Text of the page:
Tuesday night the Houston Chronicle published a story about the grand jury that indicted Texas Gov. Rick Perry. Those grand jurors who spoke with the Chronicle broke the law to do so, and they knew that they were breaking the law. They claimed that they were speaking to the newspaper to counter Gov. Perry’s “spin” on the case.
That’s not the job of a grand jury, by the way.
One of them is a woman named Rho Chalmers. Chalmers tried to get around her lawbreaking by attempting to build this wall of implausible deniability.
Rho Chalmers, who name matches that of a grand juror but would only confirm her service on a jury that ended last week, said grand juries involve careful consideration of facts.
“For me, it’s not a political decision,” Chalmers said. “That’s what a grand jury is about – take the emotion out of it and look at the facts and make your best decision based on your life experience.”
As I asked in the original post about this, how many “Rho Chalmers” can there be out there?
The answer is “not many,” as it’s an unusual name.
So let’s meet Rho Chalmers, Perry grand juror, and active delegate to the Texas Democratic Party’s state convention.
Mediatrackers picks up that story.
More troubling, however, is the fact that Chalmers attended, photographed, and commented on an event with Democratic state Sen. Kirk Watson while grand jury proceedings were ongoing. Watson was a witness in front of the grand jury. On June 27, 2014, Chalmers shared a photo of the Watson event on a community Facebook page she started called Developer’s Dungeon. “Senator Kirk Watson telling the story of the Wendy Davis fillibuster (sic),” she wrote in a comment accompanying the picture.
Who goes to a state party convention? Party grassroots activists. Convention delegates are not your run-of-the-mill low-information voters. They’re true activists. Chalmers participated in the convention’s rules committee as well, which is about as arcane a party function as a person can possibly endure.
She posts pics of her convention credentials online, as if to brag about her participation in it.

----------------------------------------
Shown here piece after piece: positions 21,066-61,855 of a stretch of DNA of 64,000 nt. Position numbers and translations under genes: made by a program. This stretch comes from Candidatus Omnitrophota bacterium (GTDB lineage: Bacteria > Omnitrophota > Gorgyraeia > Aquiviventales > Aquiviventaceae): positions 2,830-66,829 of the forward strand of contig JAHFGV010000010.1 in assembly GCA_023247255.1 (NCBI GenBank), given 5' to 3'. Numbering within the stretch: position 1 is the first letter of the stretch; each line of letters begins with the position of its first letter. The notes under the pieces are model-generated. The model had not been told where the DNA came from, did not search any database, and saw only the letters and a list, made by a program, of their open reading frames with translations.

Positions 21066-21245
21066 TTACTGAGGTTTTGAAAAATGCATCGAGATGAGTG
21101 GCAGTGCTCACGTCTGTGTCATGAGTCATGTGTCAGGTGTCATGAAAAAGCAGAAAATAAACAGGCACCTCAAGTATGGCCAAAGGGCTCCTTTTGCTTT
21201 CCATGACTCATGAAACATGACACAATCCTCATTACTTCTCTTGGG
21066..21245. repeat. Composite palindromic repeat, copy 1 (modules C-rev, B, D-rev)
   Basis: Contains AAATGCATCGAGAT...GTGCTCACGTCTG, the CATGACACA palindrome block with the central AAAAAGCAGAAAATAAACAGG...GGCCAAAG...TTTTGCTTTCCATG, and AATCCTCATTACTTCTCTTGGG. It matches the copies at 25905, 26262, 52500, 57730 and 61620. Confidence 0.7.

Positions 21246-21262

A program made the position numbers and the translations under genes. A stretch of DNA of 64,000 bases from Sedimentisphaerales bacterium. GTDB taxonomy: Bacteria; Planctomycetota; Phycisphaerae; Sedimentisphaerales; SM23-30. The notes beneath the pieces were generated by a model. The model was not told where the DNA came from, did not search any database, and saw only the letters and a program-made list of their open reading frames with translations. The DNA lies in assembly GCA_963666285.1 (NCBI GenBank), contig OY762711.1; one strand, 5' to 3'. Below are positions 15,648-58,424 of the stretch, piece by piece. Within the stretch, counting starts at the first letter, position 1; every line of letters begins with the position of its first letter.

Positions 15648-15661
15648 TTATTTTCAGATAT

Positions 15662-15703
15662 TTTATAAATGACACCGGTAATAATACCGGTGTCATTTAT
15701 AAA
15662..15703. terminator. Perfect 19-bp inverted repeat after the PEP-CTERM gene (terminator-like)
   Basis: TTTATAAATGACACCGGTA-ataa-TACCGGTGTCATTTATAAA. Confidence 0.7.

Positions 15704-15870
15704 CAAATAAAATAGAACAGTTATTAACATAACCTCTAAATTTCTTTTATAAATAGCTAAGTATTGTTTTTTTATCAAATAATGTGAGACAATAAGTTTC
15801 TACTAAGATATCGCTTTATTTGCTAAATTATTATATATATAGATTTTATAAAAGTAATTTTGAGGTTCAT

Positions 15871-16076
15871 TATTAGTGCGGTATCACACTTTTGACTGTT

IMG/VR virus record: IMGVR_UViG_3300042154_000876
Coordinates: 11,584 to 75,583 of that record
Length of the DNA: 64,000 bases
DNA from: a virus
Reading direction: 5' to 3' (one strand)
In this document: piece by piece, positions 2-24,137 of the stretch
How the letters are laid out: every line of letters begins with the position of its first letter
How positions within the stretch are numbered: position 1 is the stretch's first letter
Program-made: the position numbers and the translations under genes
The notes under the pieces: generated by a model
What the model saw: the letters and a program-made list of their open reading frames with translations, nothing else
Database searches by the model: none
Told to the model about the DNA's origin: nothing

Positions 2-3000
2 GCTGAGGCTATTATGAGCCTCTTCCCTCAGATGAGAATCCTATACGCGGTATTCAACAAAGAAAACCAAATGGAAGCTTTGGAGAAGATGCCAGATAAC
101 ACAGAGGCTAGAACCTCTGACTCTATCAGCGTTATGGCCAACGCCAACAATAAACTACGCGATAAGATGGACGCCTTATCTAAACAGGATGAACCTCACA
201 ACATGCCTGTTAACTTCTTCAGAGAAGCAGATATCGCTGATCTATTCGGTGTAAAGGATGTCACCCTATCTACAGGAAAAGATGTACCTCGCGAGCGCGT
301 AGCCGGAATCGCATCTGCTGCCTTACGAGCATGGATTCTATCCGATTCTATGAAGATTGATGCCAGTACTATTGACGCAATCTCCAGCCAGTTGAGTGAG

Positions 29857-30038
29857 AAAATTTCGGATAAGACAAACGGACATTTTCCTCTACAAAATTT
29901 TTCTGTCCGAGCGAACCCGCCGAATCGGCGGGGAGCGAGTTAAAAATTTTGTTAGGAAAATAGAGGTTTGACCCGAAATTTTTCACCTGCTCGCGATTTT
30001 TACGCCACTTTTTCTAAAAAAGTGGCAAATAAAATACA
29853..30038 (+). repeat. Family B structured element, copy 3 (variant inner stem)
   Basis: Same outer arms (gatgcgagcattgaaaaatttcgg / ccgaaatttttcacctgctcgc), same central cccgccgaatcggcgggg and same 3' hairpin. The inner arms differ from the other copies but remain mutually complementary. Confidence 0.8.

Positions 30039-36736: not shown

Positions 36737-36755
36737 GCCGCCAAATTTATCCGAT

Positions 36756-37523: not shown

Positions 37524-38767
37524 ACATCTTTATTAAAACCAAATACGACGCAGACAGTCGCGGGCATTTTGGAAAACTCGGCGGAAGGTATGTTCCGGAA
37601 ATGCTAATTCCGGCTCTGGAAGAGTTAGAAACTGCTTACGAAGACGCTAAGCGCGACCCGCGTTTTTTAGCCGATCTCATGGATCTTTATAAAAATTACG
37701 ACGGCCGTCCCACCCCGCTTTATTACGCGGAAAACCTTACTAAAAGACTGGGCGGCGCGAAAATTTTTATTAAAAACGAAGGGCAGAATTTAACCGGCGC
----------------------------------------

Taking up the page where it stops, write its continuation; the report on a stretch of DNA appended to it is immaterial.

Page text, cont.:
There’s nothing wrong with being a party activist, of course. But Rho Chalmers was a very partisan Democrat activist from sharply partisan Travis County at the same time she was weighing whether to indict Gov. Rick Perry, Republican.
The grand jury was selected in April of 2014 and its proceedings did not conclude until it returned two indictments of Perry last week. While grand jurors are not generally prohibited from engaging in political activity, Chalmers apparent giddiness at attending an event for a grand jury witness calls into question her ability to objectively scrutinize his testimony. Watson had testified before Chalmers and the rest of her colleagues on the grand jury just one month before Chalmers attended his event. Knowingly seeking out participation in an event featuring a grand jury witness while grand jury proceedings were ongoing also seems highly questionable.
Indeed. And then, after Chalmers helped indict a governor she clearly opposes politically, she participated in a story to counter the governor’s “spin.” That “spin” is otherwise known as his defense, which is something that the grand jury never heard from the prosecutor or the likes of Kirk Watson.
Chalmers has indicated support for Democrat Wendy Davis’ run for governor as well, on her social media. That’s over at the Mediatrackers site.
The indictment of Gov. Perry is a partisan operation from top to bottom. It’s backfiring on the Democrats now. A friend observed that it’s making Perry, who has been governor for 14 years and picked up his share of critics along the way, about as popular leaving office as he was when he first arrived in it.
But Rho Chalmers shows why the legal jeopardy to him is real.